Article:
Posts Tagged ‘bone loss’

Osteoporosis: Not Just a Women’s Disease

Osteoporosis MenThought you were safe from osteoporosis because you’re a guy? Think again. Osteoporosis is not just a women’s disease. In fact, one in eight males will develop an osteoporosis-related fracture in his lifetime.

When you’re young, your bone is constantly changing—old bone is removed and replaced by new bone. Osteoporosis occurs when new bone is not generated quickly enough to replace old bone, leading to decreased bone mass and a weakened skeleton. This weakening, in turn, leads to an increased susceptibility to fractures. While more women than men develop osteoporosis, according to the National Institutes of Health (NIH), it still poses a significant threat to millions of men in the U.S.

Why do fewer men than women develop the disease? Men have larger skeletons—meaning more overall bone mass—and don’t undergo the same bone-loss-causing hormone changes that women deal with during menopause. Bone loss in men starts later and progresses more slowly. However, because men are living longer these days, osteoporosis has become an important public health issue.

While osteoporosis in women is generally age related, most men develop the disease for different reasons. Some of the risk factors that have been linked to osteoporosis in men include:

  • Smoking, excessive alcohol use, low calcium intake, and inadequate physical exercise
  • Chronic diseases that affect the kidneys, lungs, stomach, and intestines or alter hormone levels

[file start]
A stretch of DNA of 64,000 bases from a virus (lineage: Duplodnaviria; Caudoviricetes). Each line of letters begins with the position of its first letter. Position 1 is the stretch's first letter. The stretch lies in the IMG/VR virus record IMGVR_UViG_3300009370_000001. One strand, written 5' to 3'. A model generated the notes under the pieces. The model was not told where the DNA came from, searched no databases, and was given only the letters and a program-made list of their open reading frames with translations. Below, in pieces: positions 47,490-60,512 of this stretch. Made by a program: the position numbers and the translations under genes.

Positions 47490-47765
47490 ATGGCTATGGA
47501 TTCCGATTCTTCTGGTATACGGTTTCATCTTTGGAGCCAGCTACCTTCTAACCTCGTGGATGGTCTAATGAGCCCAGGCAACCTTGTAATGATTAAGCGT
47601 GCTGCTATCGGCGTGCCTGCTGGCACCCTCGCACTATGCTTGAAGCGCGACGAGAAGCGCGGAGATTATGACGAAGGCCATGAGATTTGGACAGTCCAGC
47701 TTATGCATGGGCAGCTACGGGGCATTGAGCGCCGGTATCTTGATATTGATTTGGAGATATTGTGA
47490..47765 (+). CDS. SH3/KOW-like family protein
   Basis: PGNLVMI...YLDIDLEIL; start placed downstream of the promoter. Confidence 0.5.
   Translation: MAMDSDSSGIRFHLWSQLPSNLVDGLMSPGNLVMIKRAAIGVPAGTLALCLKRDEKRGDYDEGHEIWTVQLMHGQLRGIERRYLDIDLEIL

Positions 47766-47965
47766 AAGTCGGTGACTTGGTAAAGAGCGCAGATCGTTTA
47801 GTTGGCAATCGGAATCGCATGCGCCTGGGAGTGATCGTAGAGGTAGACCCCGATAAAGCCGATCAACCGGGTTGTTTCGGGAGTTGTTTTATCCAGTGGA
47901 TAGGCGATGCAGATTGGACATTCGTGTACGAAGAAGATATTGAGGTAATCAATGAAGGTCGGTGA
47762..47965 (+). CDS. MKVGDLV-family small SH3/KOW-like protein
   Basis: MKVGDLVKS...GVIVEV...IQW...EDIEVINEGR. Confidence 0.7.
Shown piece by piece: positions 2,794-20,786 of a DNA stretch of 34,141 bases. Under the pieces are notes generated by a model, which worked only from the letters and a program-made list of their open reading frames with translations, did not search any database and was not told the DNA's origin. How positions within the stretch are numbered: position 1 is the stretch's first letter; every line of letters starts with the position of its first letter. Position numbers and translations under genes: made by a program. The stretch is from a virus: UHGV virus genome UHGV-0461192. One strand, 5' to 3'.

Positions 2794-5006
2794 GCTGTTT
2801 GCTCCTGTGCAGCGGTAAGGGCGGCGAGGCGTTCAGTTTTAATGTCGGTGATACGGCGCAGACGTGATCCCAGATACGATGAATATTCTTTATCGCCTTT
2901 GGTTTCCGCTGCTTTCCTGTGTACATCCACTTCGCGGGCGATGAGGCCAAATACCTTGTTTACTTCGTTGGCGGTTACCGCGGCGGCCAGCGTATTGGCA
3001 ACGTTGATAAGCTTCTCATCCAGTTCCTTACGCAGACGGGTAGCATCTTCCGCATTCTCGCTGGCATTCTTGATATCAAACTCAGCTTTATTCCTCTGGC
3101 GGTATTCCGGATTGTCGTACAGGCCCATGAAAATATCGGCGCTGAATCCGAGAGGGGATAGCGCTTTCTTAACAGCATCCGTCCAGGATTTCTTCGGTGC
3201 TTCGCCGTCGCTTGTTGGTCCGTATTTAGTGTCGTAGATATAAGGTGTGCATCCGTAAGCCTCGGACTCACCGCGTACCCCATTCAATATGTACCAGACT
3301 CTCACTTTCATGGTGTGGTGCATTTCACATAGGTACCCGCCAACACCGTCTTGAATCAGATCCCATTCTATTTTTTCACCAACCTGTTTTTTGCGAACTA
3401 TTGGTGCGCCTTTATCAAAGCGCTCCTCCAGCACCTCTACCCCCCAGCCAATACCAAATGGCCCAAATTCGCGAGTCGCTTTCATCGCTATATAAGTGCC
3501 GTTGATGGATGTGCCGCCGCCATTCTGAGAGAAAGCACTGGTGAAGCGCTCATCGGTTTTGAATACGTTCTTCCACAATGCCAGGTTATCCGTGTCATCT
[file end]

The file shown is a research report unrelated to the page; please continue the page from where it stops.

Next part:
• Regular use of certain medications, such as glucocorticoids
  • Low levels of testosterone

A “silent disease,” osteoporosis progresses without symptoms until a fracture occurs. Those fractures most often are in the hip, spine, and wrist and can be permanently disabling. Hip fractures, in particular, are dangerous, as men who sustain hip fractures are more likely than women to die from complications.

In men, all too often osteoporosis isn’t diagnosed until a fracture occurs. If you have any of the lifestyle risk factors for developing the disease, or you experience a loss of height or change in posture, a fracture, or sudden back pain, tell your doctor. When detected before significant bone loss has occurred, osteoporosis can be treated with medication, improved nutrition, exercise, and lifestyle changes. If you think you may be at risk for osteoporosis, make an appointment with your Emory physician for a medical workup and bone mineral density test.

Do you have osteoporosis, or do you know someone who does? How are you dealing with it? We welcome your questions and feedback in the comments section below.

6 Ways to Stop or Reverse Bone Loss during Menopause

Prevent Bone Loss During MenopauseIf you’re a perimenopausal, menopausal, or even postmenopausal woman, this blog’s for you. You’ve probably heard that you’re likely to lose bone mass during menopause. The good news is you can take steps to help preserve and even build bone density before natures takes its toll.